The Economic Geography of Higher Education

The Diane Rehm Show aired a broadcast this morning about the cost of Higher Education (HE). I struggled to listen as the guests seemed woefully inadequate to address the complete picture of the costs of Higher Education. The editor of the Chronicle of Higher Education (Jeffrey Selingo), Claudia Dreifus, an author and instructor from Columbia University, and three other guests, aired their perspectives. One would think that these educated people would have a better grasp of the problems associated with obtaining a Higher Education. After listening to them, I can make no other conclusion other than their knowledge of HE costs is incomplete and short-sighted.

I have to agree with some of the comments. Higher education costs have increased pretty dramatically over the last decade or so. Also, I must agree that students are taking on considerable debt, too.

Placing all of the blame on colleges and universities is fallacious and disingenuous. Blaming costs uniquely upon colleges and universities creates a dangerous atmosphere of contempt for HE, displacing blame onto institutions that are the recipients of students who appear to have left their brains at home before traveling to college. One might as well blame farmers because Twinkies taste wierd.

Here is what I mean.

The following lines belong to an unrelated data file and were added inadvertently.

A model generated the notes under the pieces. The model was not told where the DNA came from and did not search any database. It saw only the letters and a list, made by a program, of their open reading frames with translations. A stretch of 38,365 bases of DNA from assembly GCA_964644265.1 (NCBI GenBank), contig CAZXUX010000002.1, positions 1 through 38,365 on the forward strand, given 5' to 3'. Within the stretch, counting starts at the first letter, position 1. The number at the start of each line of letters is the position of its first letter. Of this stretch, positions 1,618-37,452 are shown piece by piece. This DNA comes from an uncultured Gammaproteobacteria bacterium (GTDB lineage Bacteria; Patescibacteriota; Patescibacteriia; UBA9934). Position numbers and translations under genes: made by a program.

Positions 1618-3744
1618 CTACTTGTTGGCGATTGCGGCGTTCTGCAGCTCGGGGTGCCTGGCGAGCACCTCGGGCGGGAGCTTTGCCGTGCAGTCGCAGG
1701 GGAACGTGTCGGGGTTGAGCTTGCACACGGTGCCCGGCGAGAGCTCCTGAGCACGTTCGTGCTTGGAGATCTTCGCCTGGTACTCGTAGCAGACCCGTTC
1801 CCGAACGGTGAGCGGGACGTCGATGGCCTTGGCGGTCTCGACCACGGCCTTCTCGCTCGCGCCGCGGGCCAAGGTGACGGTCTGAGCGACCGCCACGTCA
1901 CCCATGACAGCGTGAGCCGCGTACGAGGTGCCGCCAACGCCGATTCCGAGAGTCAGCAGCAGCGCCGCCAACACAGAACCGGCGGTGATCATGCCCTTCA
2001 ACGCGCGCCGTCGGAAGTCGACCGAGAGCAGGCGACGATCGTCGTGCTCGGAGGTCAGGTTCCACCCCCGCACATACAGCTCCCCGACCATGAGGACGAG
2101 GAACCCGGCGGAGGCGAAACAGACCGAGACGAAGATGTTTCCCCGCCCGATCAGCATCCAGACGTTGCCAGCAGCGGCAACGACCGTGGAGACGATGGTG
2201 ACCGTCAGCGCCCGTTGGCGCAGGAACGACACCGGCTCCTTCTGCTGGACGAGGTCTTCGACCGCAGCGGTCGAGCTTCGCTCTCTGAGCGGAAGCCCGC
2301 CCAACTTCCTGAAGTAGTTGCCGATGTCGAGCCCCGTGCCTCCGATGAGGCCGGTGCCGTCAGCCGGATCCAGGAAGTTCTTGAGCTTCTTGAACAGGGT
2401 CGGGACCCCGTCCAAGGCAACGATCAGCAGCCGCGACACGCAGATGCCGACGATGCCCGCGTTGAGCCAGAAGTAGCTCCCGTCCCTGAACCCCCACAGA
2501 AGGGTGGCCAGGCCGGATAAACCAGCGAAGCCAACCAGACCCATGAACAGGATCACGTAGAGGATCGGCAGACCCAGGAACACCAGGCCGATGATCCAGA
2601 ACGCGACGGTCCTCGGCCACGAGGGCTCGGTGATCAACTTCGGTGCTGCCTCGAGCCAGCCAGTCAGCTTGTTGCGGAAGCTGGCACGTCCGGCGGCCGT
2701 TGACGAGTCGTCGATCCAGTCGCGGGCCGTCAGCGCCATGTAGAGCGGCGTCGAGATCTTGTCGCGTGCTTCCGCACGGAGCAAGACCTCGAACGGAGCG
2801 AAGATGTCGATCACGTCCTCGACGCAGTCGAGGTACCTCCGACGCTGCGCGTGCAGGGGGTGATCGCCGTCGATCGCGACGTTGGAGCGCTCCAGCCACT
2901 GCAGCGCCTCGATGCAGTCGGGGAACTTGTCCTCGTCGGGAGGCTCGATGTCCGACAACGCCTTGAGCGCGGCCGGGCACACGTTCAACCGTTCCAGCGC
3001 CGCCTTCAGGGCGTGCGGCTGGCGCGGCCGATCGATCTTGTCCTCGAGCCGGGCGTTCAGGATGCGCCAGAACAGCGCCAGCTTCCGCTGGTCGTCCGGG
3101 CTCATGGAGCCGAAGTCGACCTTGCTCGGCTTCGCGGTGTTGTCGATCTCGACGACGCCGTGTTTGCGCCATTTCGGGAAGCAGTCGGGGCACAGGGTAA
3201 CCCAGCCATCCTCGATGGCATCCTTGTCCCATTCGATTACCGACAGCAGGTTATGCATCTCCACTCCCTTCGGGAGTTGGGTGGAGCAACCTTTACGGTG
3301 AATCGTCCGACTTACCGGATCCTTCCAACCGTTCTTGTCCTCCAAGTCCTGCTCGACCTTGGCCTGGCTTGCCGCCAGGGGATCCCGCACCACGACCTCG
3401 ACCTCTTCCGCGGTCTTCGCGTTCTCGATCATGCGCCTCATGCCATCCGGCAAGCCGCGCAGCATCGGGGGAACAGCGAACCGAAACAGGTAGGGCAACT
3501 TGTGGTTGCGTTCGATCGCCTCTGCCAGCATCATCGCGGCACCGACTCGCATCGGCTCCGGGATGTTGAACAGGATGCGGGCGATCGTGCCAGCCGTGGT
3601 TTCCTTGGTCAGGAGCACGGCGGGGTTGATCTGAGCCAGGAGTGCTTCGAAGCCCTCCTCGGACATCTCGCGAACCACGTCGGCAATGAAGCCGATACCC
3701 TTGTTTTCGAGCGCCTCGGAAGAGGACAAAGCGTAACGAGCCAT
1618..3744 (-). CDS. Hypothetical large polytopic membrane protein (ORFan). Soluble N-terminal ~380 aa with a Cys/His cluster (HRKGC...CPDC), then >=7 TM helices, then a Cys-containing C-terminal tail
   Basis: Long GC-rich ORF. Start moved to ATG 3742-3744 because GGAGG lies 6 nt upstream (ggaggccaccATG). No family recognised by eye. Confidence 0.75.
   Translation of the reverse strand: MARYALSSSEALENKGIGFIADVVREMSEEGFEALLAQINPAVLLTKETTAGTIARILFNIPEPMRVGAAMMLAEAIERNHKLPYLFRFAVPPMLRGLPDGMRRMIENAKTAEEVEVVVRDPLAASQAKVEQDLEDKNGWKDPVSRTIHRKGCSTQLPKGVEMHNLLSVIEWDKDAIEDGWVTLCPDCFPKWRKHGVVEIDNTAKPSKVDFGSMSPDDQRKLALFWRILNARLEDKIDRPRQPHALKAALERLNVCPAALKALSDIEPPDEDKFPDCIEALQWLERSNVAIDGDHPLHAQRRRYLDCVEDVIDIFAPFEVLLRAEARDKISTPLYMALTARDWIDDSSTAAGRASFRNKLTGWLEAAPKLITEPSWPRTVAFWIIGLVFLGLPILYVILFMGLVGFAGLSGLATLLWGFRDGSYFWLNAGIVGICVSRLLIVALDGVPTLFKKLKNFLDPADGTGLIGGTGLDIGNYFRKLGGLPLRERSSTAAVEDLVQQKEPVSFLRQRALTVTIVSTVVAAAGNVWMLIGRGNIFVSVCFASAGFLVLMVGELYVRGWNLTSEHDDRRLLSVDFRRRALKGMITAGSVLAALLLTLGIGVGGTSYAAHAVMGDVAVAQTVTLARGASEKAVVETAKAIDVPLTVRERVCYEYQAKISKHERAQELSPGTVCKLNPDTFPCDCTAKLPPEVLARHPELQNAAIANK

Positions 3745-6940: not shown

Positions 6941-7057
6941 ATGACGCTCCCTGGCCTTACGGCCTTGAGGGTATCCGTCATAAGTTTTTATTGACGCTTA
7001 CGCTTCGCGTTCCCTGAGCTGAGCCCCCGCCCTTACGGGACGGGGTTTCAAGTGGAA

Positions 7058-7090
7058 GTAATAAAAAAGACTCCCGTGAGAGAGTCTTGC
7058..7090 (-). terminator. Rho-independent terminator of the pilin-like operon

At the National Level, the USA lacks a true employment policy. The Bureau of the Census gathers statistics, as does the Department of the Commerce. We gather knowledge about education and income, occupations and trades. These federal agencies then publish reports about employment outlooks, what jobs are going to be necessary, how much they pay, responsibilities, a wealth of knowledge. Reports are published and made available via the media. These notices usually come in the form of this WKMS article, outlining the lack of technology workers. The Federal Government tells people what they should study. The Federal Government does not make people study what is needed, though. With the Employment Outlook Handbook, people have the ability to inform themselves. The Government essentially says, every year, "Hey, this is what we need people to do; if you want a job, and want to make money, check out these fields." And, a few Americans will listen, but most will just wander around willy-nilly doing whatever they want. Which is fine; that is the society we have built for ourselves. We cannot complain later that we studied the wrong field, though. And, no American can claim ignorance of any job field. The information is there; all one has to do is obtain and read.